Disrupting the Power Industry: It’s About Time
In October 2022, major companies like Amazon, Microsoft, Deloitte, and IBM all attended a small conference on energy sector solutions
The groups met in Orange, Connecticut to discuss “disruptive technologies” – keys to making the electric power grid more robust and efficient. Here’s what the CEO of the company holding the event said:
With the uncertainty in today’s economic landscape, innovation and disruptive technology take on heightened importance as the keys to resiliency and growth.
This month, we’re going to dive into the company that hosted the conference. This company is on track to be the leading sustainable energy company in the U.S.
We’ll show you what this company is doing to make the grid better. And we’ll show you why we think it is worth owning in 2023. However, before we get into the business, we need to talk about a little history on why this meeting was so important. These companies addressed a problem that came to a head 20 years ago. And it highlighted a growing problem in the U.S.: our electrical infrastructure
The Great Blackout of 2003
On August 14, 2003, extreme heat caused power lines in northern Ohio to sag. When the lines touched nearby trees, they triggered shutdowns. Unfortunately, the alarm system designed to warn power companies of these events failed.
As Scientific American described the scene:
Over the next hour and a half, as system operators tried to understand what was happening, three other lines sagged into trees and switched off, forcing other power lines to shoulder an extra burden. Overtaxed, they cut out by 4:05 P.M., tripping a cascade of failures throughout southeastern Canada and eight northeastern states.
All told, 50 million people lost power for up to two days in the biggest blackout in North American history. The event contributed to at least 11 deaths and cost an estimated $6 billion.
The North American Electricity Reliability Council (NERC) had reliability standards, but up until this time, they’d been voluntary. And that’s where the failures began.
After the blackout, NERC created the U.S.–Canada Power System Outage Task Force to review the failures. It determined that a both human and equipment errors created the disaster. The task force’s final report made 46 recommendations to improve the system.
The key recommendation was to change the reliability standards from voluntary to mandatory. But another shortcoming the report identified was the over-reliance on natural gas. ISO-NE, the non-profit electric transmission organization in the region, warned that relying too much on natural gas could lead to shortages and even rolling blackouts during extreme cold periods.
Today, natural gas makes up about 53% of the Northeast’s electric power generation. Nuclear makes up 27% and renewables make up 19%. Those numbers need to grow if the region is going to modernize its power grid.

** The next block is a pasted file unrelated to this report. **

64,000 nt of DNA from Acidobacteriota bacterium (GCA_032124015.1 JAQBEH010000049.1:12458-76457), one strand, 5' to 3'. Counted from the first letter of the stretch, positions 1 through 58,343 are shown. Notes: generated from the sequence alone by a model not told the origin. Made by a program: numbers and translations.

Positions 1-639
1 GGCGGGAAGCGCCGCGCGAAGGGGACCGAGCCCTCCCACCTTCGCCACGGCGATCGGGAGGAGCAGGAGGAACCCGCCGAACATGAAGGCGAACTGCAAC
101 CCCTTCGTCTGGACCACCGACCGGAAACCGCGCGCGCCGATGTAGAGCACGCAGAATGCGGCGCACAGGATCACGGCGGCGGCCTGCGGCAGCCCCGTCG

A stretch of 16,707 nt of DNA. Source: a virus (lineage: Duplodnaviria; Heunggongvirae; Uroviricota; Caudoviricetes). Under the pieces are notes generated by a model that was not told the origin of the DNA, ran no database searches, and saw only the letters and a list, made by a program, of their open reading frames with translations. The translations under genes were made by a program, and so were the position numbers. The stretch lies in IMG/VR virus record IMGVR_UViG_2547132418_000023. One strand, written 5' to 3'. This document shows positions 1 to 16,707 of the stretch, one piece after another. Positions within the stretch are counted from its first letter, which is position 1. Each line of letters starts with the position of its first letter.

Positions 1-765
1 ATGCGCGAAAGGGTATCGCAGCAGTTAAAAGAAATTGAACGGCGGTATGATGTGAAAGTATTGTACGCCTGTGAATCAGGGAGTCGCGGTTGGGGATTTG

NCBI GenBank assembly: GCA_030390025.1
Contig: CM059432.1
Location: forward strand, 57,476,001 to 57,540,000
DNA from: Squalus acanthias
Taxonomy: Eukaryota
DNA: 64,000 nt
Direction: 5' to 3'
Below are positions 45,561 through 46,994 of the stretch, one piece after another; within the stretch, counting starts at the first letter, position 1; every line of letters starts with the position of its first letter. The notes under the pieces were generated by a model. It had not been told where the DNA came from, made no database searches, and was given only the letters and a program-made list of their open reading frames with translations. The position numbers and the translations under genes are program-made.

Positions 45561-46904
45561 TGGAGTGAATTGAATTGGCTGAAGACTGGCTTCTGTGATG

This month, we’re digging into one of the major players providing the northeastern U.S. with the new power supplies it needs to prevent another disaster. And it will pay us 4% per year to own it as it grows.
Avangrid (NYSE: AGR)
Avangrid is a subsidiary of the giant Spain-based clean energy company Iberdrola. Iberdrola is the fifth-largest electric utility by market cap in the world.
“Networks” are just connected customers. And Avangrid’s primary network investment is the New England Clean Energy Connect (NECEC). This is a plan to bring 1,200 megawatts of clean hydro power from Quebec to ISO-NE.
In this region, the company plans to make $200 million-plus upgrades to the existing network. That will include things like new power lines and transformers. It will also put 50,000 acres of land in conservation. And the project will expand fiber optic and broadband access, support rate relief, and prop up low-income programs in Maine.
NECEC construction started in January 2021, but it is on hold pending court rulings. There was a dispute over two tracts of public land: Johnson Mountain and West Forks Plantation.
We won’t get into the details. If this ruling changed, our investment may take a hit. But while lawsuits can be unpredictable, we are optimistic that this will end in the company’s favor.
Another transaction that could add a huge boost to Avangrid is the PNM Resources (NYSE: PNM) acquisition. PNM Resources is a New Mexico-based sustainable power company, like Avangrid. This deal is less likely to occur.
In October 2020, Avangrid agreed to pay $50.30 per share for PNM Resources stock. In 2021, PNM Resources shareholders, five federal regulatory agencies, and the Public Utility Commission of Texas all approved the merger. It brings many benefits to New Mexico, but there are political issues in the way.
In December 2021, the New Mexico Public Regulation Commission (NMPRC) rejected the agreement.
In January 2022, the two companies agreed to extend the merger agreement to April 2023. They appealed the NMPRC decision to the New Mexico Supreme Court. We should hear from the court this year.
This deal has the potential to make an impact on our investment. Right now, the stock doesn’t give any value to the PNM Resources acquisition. If the acquisition happens, it will give us a significant boost in value.
Today, we can buy a stable, well run sustainable energy company that pays us 4% per year. And we have a double-digit upside potential through the two pending acquisitions in Maine and New Mexico.
Our risk is that the NECEC agreement hits an unforeseen snag and that the PNM Resources deal falls through as well.
Short of everything going wrong, Avangrid is an excellent addition to our portfolio. It is part of the transformation currently gripping the U.S. power system. We believe that the company will continue to grow regardless of the outcome of these acquisitions.